Cancer Patients Forced to Make Life or Death Calls
- Residents of Florida and Texas and other Southern states are quickly filling up hospitals, forcing medical facilities to postpone elective and inpatient surgeries.
- These include many procedures associated with cancer patients including chemotherapy treatments and surgeries.
- There are signs that things will only get worse before they get better in many of these states, especially as children return to school with no mask mandates in Texas and Florida.
- SurvivorNet offers tips for cancer patients who may be affected by the postponements/cancellations at local hospitals.
But the battle she is up against is not what most might think.Read More
“I’ve had patients who have been on a schedule for months because they’ve been waiting to finish their chemo, who I’m not entirely sure will be able to have their surgery, because I’m getting calls from the hospitals that are saying: ‘Oh, we don’t have the staff,'” Dr. Jambhekar says.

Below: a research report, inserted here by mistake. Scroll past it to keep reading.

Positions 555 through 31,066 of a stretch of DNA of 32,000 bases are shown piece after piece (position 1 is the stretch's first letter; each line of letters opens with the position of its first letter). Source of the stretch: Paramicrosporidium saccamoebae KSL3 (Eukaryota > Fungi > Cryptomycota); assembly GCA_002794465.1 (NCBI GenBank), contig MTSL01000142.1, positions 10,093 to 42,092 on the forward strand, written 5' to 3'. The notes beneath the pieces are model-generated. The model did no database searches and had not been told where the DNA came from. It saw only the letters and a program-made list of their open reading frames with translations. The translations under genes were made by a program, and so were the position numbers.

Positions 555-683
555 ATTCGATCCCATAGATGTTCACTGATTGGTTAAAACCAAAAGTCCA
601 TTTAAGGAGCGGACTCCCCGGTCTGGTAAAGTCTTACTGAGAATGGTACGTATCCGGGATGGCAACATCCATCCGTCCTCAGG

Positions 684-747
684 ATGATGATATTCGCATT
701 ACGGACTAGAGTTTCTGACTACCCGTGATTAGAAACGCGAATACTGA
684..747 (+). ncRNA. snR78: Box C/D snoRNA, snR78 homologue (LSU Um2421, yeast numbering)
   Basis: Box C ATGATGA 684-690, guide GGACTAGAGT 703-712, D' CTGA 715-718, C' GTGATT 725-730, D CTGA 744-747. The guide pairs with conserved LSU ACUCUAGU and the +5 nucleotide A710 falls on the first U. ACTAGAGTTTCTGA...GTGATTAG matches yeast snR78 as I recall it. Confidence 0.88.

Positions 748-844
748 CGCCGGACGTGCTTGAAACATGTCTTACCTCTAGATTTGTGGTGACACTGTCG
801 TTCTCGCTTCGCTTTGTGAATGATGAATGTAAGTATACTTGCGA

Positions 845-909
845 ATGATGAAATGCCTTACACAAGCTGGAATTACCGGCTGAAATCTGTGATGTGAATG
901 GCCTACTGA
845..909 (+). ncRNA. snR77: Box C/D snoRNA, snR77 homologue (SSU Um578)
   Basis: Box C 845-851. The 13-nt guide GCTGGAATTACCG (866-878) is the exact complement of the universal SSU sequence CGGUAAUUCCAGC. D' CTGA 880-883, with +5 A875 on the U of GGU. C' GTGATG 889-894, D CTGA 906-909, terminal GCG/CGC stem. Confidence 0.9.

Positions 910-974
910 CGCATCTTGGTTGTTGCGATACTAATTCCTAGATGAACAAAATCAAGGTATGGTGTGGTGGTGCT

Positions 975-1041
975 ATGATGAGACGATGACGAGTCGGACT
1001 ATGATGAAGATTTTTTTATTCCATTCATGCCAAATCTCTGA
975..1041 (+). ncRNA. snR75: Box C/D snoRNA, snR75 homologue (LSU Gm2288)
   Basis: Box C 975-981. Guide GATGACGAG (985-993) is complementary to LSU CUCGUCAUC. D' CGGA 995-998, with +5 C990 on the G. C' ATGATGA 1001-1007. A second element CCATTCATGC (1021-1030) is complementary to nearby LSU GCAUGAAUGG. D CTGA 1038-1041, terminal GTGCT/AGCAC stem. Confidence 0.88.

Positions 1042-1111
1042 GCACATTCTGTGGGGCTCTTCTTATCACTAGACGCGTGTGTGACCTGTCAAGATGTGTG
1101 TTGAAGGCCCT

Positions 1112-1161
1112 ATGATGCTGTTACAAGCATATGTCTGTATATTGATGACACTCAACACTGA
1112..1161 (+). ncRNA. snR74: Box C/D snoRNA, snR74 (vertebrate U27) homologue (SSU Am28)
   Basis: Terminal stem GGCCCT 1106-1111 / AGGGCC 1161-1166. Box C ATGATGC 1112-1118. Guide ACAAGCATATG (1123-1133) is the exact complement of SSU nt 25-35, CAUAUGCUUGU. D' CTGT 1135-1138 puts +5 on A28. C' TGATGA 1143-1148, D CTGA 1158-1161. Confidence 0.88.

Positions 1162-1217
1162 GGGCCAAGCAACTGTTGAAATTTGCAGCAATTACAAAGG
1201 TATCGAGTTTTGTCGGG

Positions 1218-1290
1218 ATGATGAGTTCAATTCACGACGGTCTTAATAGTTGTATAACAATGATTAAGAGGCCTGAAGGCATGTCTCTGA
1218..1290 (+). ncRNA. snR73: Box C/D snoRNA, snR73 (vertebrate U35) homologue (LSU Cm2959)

Across the country, oncologists such as Dr. Jambhekar are finding it more difficult, if not impossible, to operate on cancer patients as medical workers are forced to dedicate all their energies to mostly unvaccinated Americans who have become infected with the highly-contagious Delta variant.
Meanwhile, patients from Washington to Florida are having check-ups, surgeries, and in some cases even chemotherapy treatments that have been scheduled for months cancelled because of the surge in COVID cases that shows no sign of slowing down.
‘The Situation Is Critical’